The Story Of The Battle Of Shiloh, by Zachary Kent
One of the aspects of this book that is disappointing, at least a little bit, is the way that this book chooses to allocate its limited space. This is a short book that is designed for young readers, and yet even though the book is itself about the Battle of Shiloh, a battle that occurred months before the Emancipation Proclamation was made and years before the Thirteenth Amendment passed Congress, the author chooses to emphasize hostility towards slavery in the behavior of Union troops at this stage of the war. In fact, it should be remembered that at this time Lincoln was having to rein in his more abolitionist generals in order to keep Kentucky and Missouri in the Union and to seek to broaden the appeal of anti-rebel action to those who were hostile to the rebellion of the Confederacy but not to slavery itself. It is only later, and gradually, that Lincoln was able to shape Union war aims to include freedom as a means of justifying the sacrifices of both whites and blacks made on behalf of Union. A book this short simply doesn’t have the space to cover the role of slavery as a cause of the Civil War with the nuance that would be necessary to do it justice.
This book is a short narrative history about the Battle of Shiloh that is about 30 pages long or so. After an introductory story about the dramatic (and not true) story of the “surprise” rebel assault at dawn, when there had been attacks on the pickets for an hour and a half or so before the full attack began, about a third of the book is devoted to the context of slavery and the beginning of the Civil War. This makes sense only if someone who wants to read about the Battle of Shiloh is not familiar with the Civil War and its course as a whole. The focus on narrative history relating to the Battle as a whole tends to disregard the larger political arguing on both sides that was involved in the battle, from Halleck’s effort to gain control of the combined army on its way to Corinth after the battle, to the reluctance of Buell to work with Grant, to the struggle over Lew Wallace’s disposition and march, and even the location and timing of Gen. Johnston’s death and the lack of reality of the “missed opportunity” on the part of the Confederacy to defeat the Union army as a whole. Given the narrative weakness of the level of historical accuracy of the book, this cannot be recommended.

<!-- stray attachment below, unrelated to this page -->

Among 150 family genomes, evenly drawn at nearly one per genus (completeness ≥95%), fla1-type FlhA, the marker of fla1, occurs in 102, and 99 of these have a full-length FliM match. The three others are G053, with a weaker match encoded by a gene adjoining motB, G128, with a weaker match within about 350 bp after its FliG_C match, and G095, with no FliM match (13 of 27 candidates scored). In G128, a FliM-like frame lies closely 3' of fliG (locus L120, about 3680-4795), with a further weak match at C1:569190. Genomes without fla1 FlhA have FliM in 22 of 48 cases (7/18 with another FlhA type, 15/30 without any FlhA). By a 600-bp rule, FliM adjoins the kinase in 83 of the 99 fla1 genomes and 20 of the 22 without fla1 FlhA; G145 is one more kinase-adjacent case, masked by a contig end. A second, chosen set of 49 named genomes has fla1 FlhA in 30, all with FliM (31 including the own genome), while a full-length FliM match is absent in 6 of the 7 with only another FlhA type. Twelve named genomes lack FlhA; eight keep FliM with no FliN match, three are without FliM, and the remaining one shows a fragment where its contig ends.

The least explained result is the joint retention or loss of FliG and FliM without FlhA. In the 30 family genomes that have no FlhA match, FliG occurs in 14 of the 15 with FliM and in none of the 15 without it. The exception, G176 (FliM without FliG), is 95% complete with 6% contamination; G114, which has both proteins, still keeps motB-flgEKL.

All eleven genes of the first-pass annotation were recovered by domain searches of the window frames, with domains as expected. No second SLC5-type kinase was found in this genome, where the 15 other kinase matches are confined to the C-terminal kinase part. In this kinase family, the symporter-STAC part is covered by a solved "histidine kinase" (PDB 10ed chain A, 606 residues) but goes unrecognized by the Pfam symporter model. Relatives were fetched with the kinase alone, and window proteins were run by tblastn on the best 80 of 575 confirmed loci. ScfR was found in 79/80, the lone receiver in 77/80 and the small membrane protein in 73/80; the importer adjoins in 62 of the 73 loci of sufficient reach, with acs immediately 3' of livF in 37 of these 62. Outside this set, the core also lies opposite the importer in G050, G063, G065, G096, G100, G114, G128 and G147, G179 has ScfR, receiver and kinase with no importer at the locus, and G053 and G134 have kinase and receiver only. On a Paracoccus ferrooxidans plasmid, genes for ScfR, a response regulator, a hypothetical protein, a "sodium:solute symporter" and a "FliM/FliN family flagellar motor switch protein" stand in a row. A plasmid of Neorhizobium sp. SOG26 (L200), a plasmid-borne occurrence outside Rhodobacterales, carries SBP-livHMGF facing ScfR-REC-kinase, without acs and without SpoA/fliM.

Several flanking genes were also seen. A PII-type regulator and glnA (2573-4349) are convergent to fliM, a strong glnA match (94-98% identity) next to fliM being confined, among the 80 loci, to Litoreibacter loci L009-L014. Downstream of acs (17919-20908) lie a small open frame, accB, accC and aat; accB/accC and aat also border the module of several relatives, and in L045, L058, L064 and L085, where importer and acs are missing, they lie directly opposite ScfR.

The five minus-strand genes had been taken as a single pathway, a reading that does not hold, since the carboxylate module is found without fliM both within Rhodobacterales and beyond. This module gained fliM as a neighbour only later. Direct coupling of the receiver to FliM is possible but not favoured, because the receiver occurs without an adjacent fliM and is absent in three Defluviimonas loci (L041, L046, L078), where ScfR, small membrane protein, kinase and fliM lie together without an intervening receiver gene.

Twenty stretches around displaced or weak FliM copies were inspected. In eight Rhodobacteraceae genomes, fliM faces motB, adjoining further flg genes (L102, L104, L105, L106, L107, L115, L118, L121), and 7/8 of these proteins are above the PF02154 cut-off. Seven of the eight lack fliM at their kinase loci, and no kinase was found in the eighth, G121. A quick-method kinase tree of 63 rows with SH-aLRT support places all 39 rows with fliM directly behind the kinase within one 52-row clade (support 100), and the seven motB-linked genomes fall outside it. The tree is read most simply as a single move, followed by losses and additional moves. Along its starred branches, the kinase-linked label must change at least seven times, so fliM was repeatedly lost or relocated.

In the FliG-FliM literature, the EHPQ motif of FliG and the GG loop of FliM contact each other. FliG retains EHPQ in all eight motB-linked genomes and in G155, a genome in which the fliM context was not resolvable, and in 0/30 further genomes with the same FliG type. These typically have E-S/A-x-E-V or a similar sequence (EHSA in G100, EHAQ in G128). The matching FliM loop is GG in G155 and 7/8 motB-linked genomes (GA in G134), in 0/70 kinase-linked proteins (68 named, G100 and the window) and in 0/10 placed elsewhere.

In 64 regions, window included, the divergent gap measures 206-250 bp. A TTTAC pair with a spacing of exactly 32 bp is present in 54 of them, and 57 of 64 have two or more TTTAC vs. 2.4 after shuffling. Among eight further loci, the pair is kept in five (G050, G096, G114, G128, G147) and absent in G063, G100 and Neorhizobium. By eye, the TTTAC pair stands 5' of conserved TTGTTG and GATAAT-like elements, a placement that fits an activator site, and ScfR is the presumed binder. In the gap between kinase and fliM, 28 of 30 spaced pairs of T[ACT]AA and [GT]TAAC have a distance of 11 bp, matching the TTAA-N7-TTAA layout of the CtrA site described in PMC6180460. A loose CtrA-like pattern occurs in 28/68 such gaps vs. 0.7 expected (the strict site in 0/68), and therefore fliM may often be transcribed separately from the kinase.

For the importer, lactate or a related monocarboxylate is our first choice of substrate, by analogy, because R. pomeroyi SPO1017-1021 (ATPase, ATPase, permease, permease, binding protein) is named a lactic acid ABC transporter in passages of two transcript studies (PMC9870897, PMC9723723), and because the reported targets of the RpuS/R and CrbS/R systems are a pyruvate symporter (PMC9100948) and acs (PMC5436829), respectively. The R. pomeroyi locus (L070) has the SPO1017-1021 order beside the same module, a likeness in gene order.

In reading a book like this, it is important to remember that the author appears more interested in telling an exciting story about the Battle of Shiloh than conveying a historically accurate account of the battle or its course itself. The author, for example, can be found peddling a lot of not particularly true accounts of the battle itself, including the idea that the attack was completely a surprise to Grant’s army–when it was not–and that the Confederates made a smashing success of the early part of their attack only to falter at the end of the day. In general, it appears as if both days of the battle were hard-fought, but a challenging battle between two inexperienced armies fighting over control of the Upper South is not nearly as easy to sell as a battle in which one side is apparently surprised and flees all the way to the river and yet manages to hold on to that area all day. Alas, this book is too short to go into much detail, and it is not really going to provide the reader with the insight that will make them knowledgeable about the battle of Shiloh.